Once I told a senior colleague Pradeep Vijaykar in sports department of The Times of India that I would like to interview Sunil Gavaskar. “Go to Nirlons, Worli,” he directed.
I rang up Nirlons and managed to talk to Gavaskar. “I am under contract. So forget the interview,” he replied. But I thought I would give it a try anyway. Took a bus to Worli, entered the reception and asked for Sunil.
“You have an appointment?”
“Yes,” I lied.
Within a few minutes, Sunil was there, surrounded by a bevy of pretty girls.
“Ramesh?” he asked.
“Hiii..Sunil,” I ran towards him.
“I told you I cannot give an interview,” he said.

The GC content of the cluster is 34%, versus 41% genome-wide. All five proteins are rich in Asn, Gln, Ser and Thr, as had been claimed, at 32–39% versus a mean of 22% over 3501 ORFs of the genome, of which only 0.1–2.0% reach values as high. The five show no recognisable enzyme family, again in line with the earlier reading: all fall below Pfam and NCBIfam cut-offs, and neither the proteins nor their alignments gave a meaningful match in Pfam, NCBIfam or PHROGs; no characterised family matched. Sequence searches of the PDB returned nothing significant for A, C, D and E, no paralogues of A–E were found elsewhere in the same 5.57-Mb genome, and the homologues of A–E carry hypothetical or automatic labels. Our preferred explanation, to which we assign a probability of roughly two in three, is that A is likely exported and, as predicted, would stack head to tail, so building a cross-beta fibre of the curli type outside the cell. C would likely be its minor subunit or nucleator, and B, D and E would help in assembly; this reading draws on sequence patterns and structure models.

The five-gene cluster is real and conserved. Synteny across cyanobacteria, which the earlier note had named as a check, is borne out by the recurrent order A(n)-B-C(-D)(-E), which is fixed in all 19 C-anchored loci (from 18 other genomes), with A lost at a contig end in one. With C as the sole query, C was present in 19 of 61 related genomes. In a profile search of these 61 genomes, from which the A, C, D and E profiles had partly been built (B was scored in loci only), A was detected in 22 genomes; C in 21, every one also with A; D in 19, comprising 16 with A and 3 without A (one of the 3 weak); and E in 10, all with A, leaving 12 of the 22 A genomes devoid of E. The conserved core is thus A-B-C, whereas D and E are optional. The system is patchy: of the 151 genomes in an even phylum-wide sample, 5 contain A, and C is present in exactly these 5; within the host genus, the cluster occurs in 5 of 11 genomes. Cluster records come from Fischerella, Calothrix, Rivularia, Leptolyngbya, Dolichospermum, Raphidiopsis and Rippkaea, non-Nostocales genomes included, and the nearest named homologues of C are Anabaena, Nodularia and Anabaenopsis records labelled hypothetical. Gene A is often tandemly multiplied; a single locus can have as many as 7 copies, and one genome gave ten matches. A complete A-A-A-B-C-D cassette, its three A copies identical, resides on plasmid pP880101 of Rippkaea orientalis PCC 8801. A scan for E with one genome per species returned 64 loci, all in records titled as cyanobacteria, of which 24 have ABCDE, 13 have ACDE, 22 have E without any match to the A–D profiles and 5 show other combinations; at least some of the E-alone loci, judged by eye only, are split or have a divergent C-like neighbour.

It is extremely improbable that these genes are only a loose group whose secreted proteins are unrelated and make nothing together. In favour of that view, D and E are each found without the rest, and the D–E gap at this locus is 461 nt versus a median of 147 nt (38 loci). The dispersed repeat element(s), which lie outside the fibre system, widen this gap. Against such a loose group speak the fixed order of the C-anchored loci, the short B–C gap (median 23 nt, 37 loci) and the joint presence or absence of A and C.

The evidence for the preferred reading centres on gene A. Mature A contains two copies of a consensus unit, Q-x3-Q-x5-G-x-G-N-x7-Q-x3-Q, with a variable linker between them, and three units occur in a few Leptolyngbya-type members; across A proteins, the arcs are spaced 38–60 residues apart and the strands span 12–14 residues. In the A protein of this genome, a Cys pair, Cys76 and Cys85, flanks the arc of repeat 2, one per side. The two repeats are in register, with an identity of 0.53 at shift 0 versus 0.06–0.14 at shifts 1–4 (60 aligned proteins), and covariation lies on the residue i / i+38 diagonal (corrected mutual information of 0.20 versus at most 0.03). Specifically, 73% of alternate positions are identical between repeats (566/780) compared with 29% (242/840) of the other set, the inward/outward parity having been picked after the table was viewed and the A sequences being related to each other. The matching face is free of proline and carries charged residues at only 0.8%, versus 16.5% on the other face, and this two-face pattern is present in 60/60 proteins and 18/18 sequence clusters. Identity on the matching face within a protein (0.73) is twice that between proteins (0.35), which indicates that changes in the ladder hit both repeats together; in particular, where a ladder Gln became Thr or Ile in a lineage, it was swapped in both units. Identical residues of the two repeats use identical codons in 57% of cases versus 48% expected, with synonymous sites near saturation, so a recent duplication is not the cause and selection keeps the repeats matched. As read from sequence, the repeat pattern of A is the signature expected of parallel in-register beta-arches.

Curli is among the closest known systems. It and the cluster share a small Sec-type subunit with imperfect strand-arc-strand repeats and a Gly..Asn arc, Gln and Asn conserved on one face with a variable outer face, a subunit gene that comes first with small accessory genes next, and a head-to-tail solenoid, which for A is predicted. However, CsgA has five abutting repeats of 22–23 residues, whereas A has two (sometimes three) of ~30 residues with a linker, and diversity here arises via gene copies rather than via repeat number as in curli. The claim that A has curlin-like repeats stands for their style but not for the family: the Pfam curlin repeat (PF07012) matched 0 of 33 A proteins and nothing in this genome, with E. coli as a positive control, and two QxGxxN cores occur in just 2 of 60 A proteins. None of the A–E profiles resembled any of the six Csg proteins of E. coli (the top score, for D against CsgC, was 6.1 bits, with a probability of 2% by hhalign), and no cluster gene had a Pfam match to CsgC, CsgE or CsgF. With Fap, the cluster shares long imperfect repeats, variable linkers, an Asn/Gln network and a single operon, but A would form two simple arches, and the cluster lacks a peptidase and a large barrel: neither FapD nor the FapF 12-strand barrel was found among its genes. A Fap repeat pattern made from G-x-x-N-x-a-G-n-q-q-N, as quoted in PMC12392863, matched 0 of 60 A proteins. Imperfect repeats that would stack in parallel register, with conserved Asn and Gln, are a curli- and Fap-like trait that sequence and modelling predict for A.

“Boss, I just want to talk to you about Gavaskar and other activities. Nothing to do with cricket.”
“Gavaskar is 24-hours cricket,” he replied, winked and walked off.
You can imagine the disappointment. Looked around and saw famous cricketer of those days, Karsan Ghavri, sitting in a cabin. Ghavri was in news for some alleged comments he had made on Gavaskar.
Met him and came out with an interview titled “I was grossly misquoted,” that was published in the Evening News of India.